I wouldn't say its the finest specimen of zucchini ever, but it does alright. This one is from the Costata variety zuke for which I sowed seeds for about the same time as I planted a nursery bought Black Jack variety plant back in late November.

The aforementioned nursery bought zucchini (which was unfortunately twice dug up by bastard animals, but has lived to tell the tale) is looking reasonably well.

It has little zukes appearing, but sadly it has done so for a while but none have eventuated.

I'm not sure why. They don't appear to be being eaten. Hopefully these ones will make it to the table. But given how the home sown zucchini has fruited first, I don't think I'll be buying another zucchini plant again.

Here is the Costata, which you can see is ahead on the growing stakes.

There was the above picked zucchini, which I saw come up a week ago and diligently fertilised with male zucchini flower pollen. Even so it doesn't look like a properly fertilised fruit, but I picked it anyway.

I hope your zucchini are producing wonderful and plentiful specimens of this fine vegetable.

And wherever you are I hope you are safe and sound in this crazy bushfire prone country of ours.

Harvest for keeping...

05 January, 2013

So much of what I grow is designed for immediate consumption, or at least within 24hrs. With gluts it's a matter of using up what can't be used then and there, in which the Fowlers Vacola unit or dehydrator usually plays a part.

But today's harvest needs no such work. Today I harvested the onion crop.

They were thankfully much more successful than my garlic crop this year, but they were in an area which gets sun pretty much all day, with the exception of the early morning when I took this photo. These days I do most of my gardening first thing in the morning and after 5pm, otherwise its just too damn hot.

In the middle of this bed is the young plum tree, and last year it was the watermelon bed - which is why there are self seeded watermelons beginning to sprawl.

As you can see, the onions had started to bend over at the neck, which is a sign they are ready for harvest.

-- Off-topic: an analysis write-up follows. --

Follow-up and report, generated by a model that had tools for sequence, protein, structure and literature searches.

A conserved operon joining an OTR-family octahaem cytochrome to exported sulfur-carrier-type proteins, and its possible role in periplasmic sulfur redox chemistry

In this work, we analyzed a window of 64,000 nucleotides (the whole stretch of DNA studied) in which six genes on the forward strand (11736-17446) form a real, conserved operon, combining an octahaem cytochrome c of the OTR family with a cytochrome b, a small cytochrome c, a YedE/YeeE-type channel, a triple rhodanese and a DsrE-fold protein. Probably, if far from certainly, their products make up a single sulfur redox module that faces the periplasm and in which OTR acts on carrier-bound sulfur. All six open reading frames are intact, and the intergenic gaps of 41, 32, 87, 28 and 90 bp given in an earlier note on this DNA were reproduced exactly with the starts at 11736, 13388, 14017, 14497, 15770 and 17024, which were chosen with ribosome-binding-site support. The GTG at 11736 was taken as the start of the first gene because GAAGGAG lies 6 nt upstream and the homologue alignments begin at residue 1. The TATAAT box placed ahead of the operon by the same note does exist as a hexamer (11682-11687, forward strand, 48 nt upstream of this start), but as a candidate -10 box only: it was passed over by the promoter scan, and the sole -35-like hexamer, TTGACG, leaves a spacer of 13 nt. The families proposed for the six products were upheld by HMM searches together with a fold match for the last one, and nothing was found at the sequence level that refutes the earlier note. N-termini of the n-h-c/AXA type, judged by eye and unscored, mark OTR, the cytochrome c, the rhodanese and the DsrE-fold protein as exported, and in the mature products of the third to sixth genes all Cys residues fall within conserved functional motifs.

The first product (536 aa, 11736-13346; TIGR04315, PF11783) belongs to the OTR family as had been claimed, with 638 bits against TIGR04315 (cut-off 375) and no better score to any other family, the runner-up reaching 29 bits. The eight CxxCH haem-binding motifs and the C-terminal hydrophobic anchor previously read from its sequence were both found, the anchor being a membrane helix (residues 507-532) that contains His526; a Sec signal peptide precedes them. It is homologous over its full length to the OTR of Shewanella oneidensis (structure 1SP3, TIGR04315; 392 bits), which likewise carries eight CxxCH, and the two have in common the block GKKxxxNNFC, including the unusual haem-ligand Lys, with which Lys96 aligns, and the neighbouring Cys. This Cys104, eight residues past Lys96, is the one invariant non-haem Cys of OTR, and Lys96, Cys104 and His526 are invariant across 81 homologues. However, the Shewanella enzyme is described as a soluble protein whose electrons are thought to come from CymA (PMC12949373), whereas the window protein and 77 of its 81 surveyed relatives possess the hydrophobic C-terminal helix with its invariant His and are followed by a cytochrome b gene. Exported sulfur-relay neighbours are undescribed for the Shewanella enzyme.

I grew 3 varieties of onions; Early Cream Gold, Barletta and Sweet Domenica.

The biggest by far were the Sweet Domenica (I'm definitely growing these again next year), followed by Early Cream Gold, then Barletta. Though each variety had some big 'uns and small 'uns.

The biggest of the Sweet Domenica's

The tiddliest of the Barletta's

But all up it was a decent harvest.

Now I have laid them out on a very old and decrepit table that gets a little morning sun but mostly is in shade to dry out before plaiting for storage. The hot weather will do all the work in drying them, thank goodness.

Hopefully this will keep me in onions for a while.

Not quite enough for a smoothie...

04 January, 2013

Here is the 2013 blueberry haul.

That there is a 450% increased crop compared to last year.

They are looking a bit shriveled due to the heat (43 degrees in Melbourne today - insane!) but were very tasty.

I hope all you gardeners out there in Aus are managing ok with this crazy heatwave. But for now I hope you have a cool drink and an air conditioner (I have the former but not the latter. Fans don't quite cut it in these temps. Ah well. Someday soon, hopefully.)

Beetroot seed bounty... and Happy New Year!

01 January, 2013

Today I tamed the beetroot forest that was taking over a part of the front yard.

As you can see quite a few beetroots had gone to seed. Some were tall beetroot seed trees, others had fallen and were sprawling along the ground, where I had many times had to twist and turn them back into the garden area and away from the paths that they wanted to take over.

But now the seed was starting to get dry and needed to be harvested.

So harvest I did.

I now have a mountain of beetroot seed which will dry out a bit further and then get packaged up for storage. But I have more beetroot seed than I could possibly need. If anyone would like some please feel free to email me - rsstie [at] gmail [dot] com - and I'll send you as much as you like. It comes from a beetroot that once was Bulls Blood but I've grown many varieties and it may not be entirely true to type, but I expect it will be beetrooty none the less.

I sowed some of the seed (or couldn't be bothered picking the seeds that fell out from the ground) in the same spot, and will move the bearded iris' that don't really seem to be enjoying that spot.

But now at least there is no fear of beetroots taking over the world.